ACCIDENT INVESTIGATORS have turned their attention on bolts throughout the Big Dig's Interstate 90 connector tunnel.
The United States National Transportation Safety Board (NTSB) said that it was 'conducting detailed visual examinations and documentation of the remaining anchors of the same section of tunnel where the concrete ceiling panel collapsed'.
The I90 connector remained closed to traffic as NCEI went to press.
Pull tests were conducted immediately after the collapse 'to determine the characteristics of the epoxy which was used to secure the anchors in the ceiling of the tunnel', an NTSB spokesman con rmed.
Investigators said that bolts used to anchor hanger rods to the tunnel roof appeared to have pulled from their sockets and a further 250 bolts have shown signs of movement.
The rectangular box section tunnel in which the failure occurred was constructed in reinforced concrete. Main contractor was Modern Continental, with project management by a joint venture of Bechtel and Parsons Brinckerhoff.
A ceiling consisting of 4m wide by 2m long, 3t reinforced concrete panels, was suspended between 1.5m and 2m below the tunnel roof. The void between roof and ceiling was used for tunnel ventilation.
The suspension system consists of T-shaped brackets bolted to the tunnel roof slab (see diagram).
Holes were drilled into the slab and the anchor bolts grouted into place using epoxy resin.
Hanger bars approximately 1.5m to 2m long were bolted to the T-brackets. Longitudinal, upside down T-section beams were then suspended from the hanger rods to support the ceiling panel edges.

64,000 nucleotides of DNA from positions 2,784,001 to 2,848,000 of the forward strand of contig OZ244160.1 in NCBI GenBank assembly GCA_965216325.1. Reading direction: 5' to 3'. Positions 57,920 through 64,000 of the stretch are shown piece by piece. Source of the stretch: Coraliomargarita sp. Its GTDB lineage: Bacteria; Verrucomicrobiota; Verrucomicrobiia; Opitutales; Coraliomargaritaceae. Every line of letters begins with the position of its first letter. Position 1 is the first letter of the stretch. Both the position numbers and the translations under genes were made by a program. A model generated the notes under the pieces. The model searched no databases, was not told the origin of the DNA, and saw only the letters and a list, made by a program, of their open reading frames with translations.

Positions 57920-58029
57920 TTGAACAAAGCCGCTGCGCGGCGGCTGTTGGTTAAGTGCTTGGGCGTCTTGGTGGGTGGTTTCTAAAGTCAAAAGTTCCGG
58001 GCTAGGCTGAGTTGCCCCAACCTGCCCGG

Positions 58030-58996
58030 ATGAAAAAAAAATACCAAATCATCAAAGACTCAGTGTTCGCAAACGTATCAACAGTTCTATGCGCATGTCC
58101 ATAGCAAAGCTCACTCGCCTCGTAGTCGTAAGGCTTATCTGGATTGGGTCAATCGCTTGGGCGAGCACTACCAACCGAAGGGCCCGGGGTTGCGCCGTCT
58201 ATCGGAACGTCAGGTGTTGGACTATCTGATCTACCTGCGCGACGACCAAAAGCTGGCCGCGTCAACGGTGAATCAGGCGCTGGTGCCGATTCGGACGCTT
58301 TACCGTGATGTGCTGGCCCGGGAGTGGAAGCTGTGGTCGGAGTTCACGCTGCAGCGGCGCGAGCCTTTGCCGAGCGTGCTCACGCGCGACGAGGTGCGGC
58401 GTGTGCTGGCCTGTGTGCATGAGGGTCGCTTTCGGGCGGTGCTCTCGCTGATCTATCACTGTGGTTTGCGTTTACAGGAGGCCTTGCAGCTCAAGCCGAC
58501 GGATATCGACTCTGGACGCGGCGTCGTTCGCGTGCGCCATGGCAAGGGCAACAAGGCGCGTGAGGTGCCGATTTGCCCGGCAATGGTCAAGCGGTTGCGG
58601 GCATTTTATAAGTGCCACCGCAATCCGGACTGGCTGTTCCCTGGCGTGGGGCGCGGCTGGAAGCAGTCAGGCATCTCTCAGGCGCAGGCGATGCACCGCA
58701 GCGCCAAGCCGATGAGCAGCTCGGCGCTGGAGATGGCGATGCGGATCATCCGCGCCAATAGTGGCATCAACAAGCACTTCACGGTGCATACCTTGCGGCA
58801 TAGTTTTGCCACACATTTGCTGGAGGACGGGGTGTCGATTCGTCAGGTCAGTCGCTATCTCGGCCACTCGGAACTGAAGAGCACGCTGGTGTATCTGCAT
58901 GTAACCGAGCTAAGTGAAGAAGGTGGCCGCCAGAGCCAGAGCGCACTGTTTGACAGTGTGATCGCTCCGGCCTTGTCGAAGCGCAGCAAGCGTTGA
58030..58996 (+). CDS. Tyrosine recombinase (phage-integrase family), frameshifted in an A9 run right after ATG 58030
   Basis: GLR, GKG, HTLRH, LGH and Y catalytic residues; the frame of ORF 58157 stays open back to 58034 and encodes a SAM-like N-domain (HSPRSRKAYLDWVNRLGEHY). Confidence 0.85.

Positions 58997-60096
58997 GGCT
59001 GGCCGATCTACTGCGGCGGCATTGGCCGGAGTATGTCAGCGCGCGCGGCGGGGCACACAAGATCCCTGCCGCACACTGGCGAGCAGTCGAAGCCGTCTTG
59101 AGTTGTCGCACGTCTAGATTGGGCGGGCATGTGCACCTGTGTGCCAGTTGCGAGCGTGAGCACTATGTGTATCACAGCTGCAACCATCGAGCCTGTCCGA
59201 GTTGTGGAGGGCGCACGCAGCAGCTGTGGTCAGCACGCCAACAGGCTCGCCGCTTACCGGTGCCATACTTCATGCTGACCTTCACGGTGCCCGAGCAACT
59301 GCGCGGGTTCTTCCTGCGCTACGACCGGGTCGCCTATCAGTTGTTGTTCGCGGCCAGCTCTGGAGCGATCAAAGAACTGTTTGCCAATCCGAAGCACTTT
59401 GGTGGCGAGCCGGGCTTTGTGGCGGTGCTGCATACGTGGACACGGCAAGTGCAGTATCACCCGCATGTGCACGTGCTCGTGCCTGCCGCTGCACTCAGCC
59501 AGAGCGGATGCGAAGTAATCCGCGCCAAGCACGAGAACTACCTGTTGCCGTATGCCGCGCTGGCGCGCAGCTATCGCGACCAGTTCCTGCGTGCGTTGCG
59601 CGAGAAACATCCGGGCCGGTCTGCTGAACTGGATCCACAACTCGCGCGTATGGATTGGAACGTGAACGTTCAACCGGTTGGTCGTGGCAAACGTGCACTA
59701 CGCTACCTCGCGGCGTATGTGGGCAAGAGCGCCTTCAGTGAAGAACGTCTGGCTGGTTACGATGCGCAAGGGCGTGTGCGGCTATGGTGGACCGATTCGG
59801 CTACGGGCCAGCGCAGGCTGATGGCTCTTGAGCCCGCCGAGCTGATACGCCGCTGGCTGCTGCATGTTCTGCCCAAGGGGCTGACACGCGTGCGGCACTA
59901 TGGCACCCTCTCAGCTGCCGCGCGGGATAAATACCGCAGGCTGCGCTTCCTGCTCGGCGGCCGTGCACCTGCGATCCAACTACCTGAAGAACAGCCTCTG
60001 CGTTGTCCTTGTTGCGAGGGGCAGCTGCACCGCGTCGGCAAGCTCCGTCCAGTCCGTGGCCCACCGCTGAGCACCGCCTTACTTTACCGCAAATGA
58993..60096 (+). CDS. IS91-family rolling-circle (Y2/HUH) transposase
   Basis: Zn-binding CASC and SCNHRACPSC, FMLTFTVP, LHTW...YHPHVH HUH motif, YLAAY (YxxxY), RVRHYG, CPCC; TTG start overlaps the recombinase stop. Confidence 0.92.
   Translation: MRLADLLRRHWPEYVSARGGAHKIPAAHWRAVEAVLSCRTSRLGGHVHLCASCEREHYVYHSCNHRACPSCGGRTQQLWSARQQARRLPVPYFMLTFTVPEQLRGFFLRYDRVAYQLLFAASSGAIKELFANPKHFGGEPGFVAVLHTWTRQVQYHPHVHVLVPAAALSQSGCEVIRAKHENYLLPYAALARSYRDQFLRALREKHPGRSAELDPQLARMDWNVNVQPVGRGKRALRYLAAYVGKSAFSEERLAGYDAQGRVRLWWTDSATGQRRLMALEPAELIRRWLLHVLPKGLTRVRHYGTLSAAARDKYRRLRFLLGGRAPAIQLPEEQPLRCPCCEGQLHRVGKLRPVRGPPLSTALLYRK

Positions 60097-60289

Investigations and remedial works could take months to complete, the NTSB added.
The ceiling panel collapse is the latest catastrophe to hit the Big Dig.
Following completion in December 2004 a section of tunnel sprung a major leak (NCEI February 2005) and the project ran massively over budget and over schedule ? costs soared from $6.5bn to $18bn.
British engineers said they were puzzled at the extent of the anchor failure problem being brought to light by investigations.
Problems with epoxy resin grouting are extremely rare, said Alan Clayton, technical service advisor at UK grout company Fosroc.
Clayton said that epoxy grouting is favoured on civil engineering projects because it is a reliable and tough way of securing anchors.
'It can take higher compressive loads than concrete, but also performs well under tensile and exural loading, ' he said.
But he warned that it had to be properly applied. Epoxy resin is not an adhesive, but 'grips' deformations in the socket hole and anchor bolt. This means that the socket has to have a rough surface, or be underreamed, and that the anchor bolt must have a surface texture ? typically a rebar type herringbone pattern or a conventional thread.
If anchor holes are cored from concrete using a diamond cutter instead of a conventional rock drill, the internal surface could be too smooth to provide a key for the resin, said Les Cheriton, a mining and tunnelling expert at chemicals supplier Minova.
There can also be problems if anchor bolts have smooth instead of textured shanks, he said.
But both insisted problems were most likely to stem from improper mixing of the resin with its activating chemical agent.